The study of worldviews marginalized by mainstream modernity is an eminently important undertaking. It helps us better recognise, cherish and keep the values of traditions and practices that exist. This is important, when the uniform vision of the world heaped on us from the medias, modernist political movements and ideologies, revealed itself as unreal and fake, rendering it evident that the modern utopia of enlightened rationality is just a delirious nightmare. – Árpád Szakolczai, Professor of Sociology, University College Cork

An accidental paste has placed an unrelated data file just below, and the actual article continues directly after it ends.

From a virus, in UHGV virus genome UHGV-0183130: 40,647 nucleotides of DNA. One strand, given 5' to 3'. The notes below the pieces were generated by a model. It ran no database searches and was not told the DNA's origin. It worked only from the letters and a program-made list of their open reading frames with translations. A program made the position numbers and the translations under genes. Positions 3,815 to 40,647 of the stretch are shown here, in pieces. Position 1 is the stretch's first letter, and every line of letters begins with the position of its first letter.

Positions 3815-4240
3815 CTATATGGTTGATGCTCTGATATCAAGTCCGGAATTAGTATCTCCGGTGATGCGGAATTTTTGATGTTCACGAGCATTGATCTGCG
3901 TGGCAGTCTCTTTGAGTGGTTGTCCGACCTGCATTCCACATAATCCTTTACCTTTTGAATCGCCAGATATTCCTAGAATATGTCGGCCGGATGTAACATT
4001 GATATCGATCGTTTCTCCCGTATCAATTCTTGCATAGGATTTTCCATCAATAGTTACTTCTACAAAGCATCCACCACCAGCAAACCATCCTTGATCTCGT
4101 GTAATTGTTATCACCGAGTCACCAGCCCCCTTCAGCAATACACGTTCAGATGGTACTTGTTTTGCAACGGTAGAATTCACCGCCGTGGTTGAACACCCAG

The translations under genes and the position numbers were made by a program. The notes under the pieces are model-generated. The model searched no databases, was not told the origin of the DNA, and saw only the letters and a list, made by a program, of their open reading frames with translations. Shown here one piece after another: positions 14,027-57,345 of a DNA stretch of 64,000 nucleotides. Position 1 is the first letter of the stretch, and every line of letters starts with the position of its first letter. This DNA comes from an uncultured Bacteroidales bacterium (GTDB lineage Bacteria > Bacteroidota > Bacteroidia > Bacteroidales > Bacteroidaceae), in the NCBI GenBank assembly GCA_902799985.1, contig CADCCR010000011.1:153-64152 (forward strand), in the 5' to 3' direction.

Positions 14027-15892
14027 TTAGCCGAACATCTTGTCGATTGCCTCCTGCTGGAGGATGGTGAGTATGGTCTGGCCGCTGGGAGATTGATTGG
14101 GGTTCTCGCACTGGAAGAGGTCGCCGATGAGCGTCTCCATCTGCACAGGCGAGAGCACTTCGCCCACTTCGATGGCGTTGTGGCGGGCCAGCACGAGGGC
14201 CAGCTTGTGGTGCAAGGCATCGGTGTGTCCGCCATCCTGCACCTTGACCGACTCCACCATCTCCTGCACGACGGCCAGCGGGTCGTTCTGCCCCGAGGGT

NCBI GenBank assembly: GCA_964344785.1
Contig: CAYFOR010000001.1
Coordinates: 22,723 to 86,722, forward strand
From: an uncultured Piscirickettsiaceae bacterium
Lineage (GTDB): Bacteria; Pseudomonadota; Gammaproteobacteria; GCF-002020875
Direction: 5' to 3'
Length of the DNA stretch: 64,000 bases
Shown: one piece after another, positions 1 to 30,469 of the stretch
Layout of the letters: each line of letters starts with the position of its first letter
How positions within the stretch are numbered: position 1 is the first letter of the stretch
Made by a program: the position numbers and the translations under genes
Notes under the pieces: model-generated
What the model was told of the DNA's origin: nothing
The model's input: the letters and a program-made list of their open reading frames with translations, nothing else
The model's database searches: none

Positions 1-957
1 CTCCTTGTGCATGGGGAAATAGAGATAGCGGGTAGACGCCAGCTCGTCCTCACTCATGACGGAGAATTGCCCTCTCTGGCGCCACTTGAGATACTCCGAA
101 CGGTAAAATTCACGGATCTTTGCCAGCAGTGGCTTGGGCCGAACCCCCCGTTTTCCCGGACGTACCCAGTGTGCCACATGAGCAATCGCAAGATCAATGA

This book fosters dialogue on critical problems faced by endangered indigenous cultures and marginalised communities. The ethos is collaborative and comparative describing the implications for global society of the destruction and impoverishment of human and ecological cultural diversity.
Lidia Guzy is Lecturer in Contemporary South Asian Religions and co-Director of the Marginalised and Endangered Worldviews Study Centre at University College Cork, Ireland. James Kapaló is Senior Lecturer in the Study of Religions and co-Director of the Marginalised and Endangered Worldviews Study Centre at University College Cork, Ireland.